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What did WeWork teach us about ‘private-company’ compliance?

As the leader of a private company, WeWork’s former CEO Adam Neumann clearly wasn’t subject to strong expense reporting requirements or conflicts of interest processes — he threw extravagant parties, routinely hired his family members and close friends, and engaged in numerous related-party transactions. But as Neumann and WeWork learned, those lax standards, often common for privately held companies, can bring disaster for companies hoping to go public.

By relying on its vision and mission to carry it to success while neglecting strong governance, WeWork disregarded the more practical realities of operating a responsible company. When its IPO fell apart, there were significant consequences not just for the company’s early backers but for the thousands of employees now wondering if they’ll have a job tomorrow.

With WeWork’s IPO fiasco still fresh, here are five lessons that stand out about private companies and compliance and ethics programs:

Private companies are held to many of the same standards as public companies — and often face the same consequences. They may not have thousands of shareholders or the SEC to report to, but private companies are still subject to the anti-bribery provisions of the FCPA, some parts of Sarbanes-Oxley, the Sherman Act, OFAC regulations, the Federal Sentencing Guidelines, and many others. Private companies can be hit with the same penalties as public companies for legal and regulatory lapses. And for ethical rather than legal problems, they can face the same powerful backlash from the public, investors, customers, partners, and other stakeholders.

“Private” doesn’t mean “small.” Companies like WeWork can have a global reach and the same large workforce as public companies — and hence face many of the same risks related to bribery, conflicts of interest, harassment, governance, data privacy, third parties, and so on. Rapid growth exacerbates many of these risks. No company tries to create problems, but they should all have the pieces in place in case problems happen. Fortunately, the majority of employees bring concerns to their immediate manager (62 percent according to Ethisphere’s global dataset), so what’s required are engaged and empowered managers who know what to do when an employee speaks up.

Preparing for scrutiny before the madness of an IPO. Going public is about more than just selling stock, as WeWork and many other private companies have discovered. It’s about becoming accountable in ways that may be unfamiliar. A private company with IPO ambitions can expect to be put under a microscope — financially, organizationally, culturally, and legally. Being prepared for that scrutiny by having a strong ethics and compliance program already in place reduces the possibility that issues will emerge that could threaten the IPO and even the company’s future wellbeing and existence.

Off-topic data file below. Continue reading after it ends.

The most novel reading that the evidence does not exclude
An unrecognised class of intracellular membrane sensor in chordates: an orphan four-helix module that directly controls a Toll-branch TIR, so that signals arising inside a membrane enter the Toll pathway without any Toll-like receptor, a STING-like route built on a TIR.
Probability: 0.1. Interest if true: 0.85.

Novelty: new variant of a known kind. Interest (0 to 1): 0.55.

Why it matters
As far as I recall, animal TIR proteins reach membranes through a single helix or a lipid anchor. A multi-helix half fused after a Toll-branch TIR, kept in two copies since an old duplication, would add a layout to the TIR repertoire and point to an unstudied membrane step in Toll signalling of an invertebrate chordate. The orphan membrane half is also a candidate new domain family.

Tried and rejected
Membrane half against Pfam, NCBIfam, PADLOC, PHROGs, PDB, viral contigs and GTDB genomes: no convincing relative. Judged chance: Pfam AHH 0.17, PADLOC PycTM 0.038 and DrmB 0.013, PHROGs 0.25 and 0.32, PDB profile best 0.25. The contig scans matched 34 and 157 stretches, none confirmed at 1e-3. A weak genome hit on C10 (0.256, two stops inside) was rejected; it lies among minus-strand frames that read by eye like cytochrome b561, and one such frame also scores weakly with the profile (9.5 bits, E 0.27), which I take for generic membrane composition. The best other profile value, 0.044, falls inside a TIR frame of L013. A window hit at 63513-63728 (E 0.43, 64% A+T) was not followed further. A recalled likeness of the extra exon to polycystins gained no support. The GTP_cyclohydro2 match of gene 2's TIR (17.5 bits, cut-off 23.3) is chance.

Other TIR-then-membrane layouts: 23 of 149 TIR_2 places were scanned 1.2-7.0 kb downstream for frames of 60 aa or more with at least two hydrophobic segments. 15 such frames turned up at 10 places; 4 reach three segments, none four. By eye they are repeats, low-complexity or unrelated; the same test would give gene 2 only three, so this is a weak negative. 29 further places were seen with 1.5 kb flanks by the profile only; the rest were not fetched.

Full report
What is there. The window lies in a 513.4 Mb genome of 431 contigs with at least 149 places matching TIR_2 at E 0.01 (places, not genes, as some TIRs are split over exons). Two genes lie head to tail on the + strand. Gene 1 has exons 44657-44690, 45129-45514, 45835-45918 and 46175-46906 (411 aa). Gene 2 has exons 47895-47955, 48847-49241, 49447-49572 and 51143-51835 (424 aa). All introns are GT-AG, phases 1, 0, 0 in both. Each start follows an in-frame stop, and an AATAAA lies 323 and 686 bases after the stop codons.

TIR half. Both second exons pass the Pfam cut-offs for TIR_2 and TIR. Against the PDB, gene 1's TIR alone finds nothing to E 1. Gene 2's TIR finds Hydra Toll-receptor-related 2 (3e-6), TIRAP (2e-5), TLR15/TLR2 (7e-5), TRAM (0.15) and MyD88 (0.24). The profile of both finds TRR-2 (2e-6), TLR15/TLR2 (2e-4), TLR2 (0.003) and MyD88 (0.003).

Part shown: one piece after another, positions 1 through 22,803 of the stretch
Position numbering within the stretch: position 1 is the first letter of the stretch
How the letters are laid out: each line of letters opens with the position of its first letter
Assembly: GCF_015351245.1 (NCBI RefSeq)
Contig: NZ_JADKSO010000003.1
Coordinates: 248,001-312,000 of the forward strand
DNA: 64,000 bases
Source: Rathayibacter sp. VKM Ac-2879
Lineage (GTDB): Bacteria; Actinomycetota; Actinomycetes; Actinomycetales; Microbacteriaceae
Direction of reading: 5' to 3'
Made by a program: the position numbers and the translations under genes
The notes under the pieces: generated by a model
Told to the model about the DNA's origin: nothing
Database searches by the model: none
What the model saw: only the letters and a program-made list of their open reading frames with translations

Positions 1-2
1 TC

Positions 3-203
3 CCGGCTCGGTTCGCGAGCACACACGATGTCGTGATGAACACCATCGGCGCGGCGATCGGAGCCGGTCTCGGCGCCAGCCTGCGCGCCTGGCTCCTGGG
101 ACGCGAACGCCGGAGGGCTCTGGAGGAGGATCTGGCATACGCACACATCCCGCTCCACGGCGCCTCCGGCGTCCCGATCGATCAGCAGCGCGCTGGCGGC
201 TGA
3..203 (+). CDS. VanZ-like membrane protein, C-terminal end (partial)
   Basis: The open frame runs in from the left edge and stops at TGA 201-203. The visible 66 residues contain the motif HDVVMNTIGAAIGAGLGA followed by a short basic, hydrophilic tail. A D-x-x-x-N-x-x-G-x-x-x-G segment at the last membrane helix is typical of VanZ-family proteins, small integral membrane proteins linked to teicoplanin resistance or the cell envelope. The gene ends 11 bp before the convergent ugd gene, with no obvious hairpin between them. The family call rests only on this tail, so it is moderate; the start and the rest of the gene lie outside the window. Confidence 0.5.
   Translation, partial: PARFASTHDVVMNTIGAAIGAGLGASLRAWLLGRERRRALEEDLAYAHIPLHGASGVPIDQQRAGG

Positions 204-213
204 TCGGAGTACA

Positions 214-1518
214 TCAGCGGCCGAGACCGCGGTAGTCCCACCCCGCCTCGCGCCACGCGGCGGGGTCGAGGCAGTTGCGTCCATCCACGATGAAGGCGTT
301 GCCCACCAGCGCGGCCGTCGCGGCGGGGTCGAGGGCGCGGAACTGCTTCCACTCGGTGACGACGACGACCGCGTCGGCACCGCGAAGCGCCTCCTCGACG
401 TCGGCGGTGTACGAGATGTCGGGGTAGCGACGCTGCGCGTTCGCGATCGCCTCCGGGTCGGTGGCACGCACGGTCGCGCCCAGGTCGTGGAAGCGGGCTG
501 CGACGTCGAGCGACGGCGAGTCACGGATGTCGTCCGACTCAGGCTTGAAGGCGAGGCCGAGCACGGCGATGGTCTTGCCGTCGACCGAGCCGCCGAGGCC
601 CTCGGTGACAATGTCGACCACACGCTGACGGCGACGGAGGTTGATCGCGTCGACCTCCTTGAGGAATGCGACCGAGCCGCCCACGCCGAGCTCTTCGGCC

Private equity firms have their own requirements. The lead up to an IPO isn’t the only time private companies can expect to have their internal compliance and governance systems evaluated. Many private equity and venture capital firms, as well as other institutional investors, have their own requirements for investee companies. These firms have just as much incentive as public shareholders to make sure they’re putting their money into a company they believe is somewhat inoculated against ethical challenges. Indeed, Softbank is tightening its governance requirements, having learned its lesson from the WeWork meltdown.

Compliance and ethics matter more than ever. Ethical companies are more attractive to investors, customers, and potential employees. Millennials consider the reputation and culture of potential employers when deciding where they want to work. Ethisphere’s analysis shows that the World’s Most Ethical Companies outperform the U.S. Large Cap Index by about 14 percent over five years. If private companies want to attract the best employees, grow their customer base, and attract investors, they need to do business with a commitment to integrity, and a clear way to demonstrate that commitment is a strong compliance and ethics program.

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1 Comment

  1. Agreed. WeWork’s concept was also inherently weak, and they tried to grow too quickly. Had they acquired infrastructure / bricks and mortar, instead of renovating buildings belonging to other companies, they would probably have had a different trajectory.

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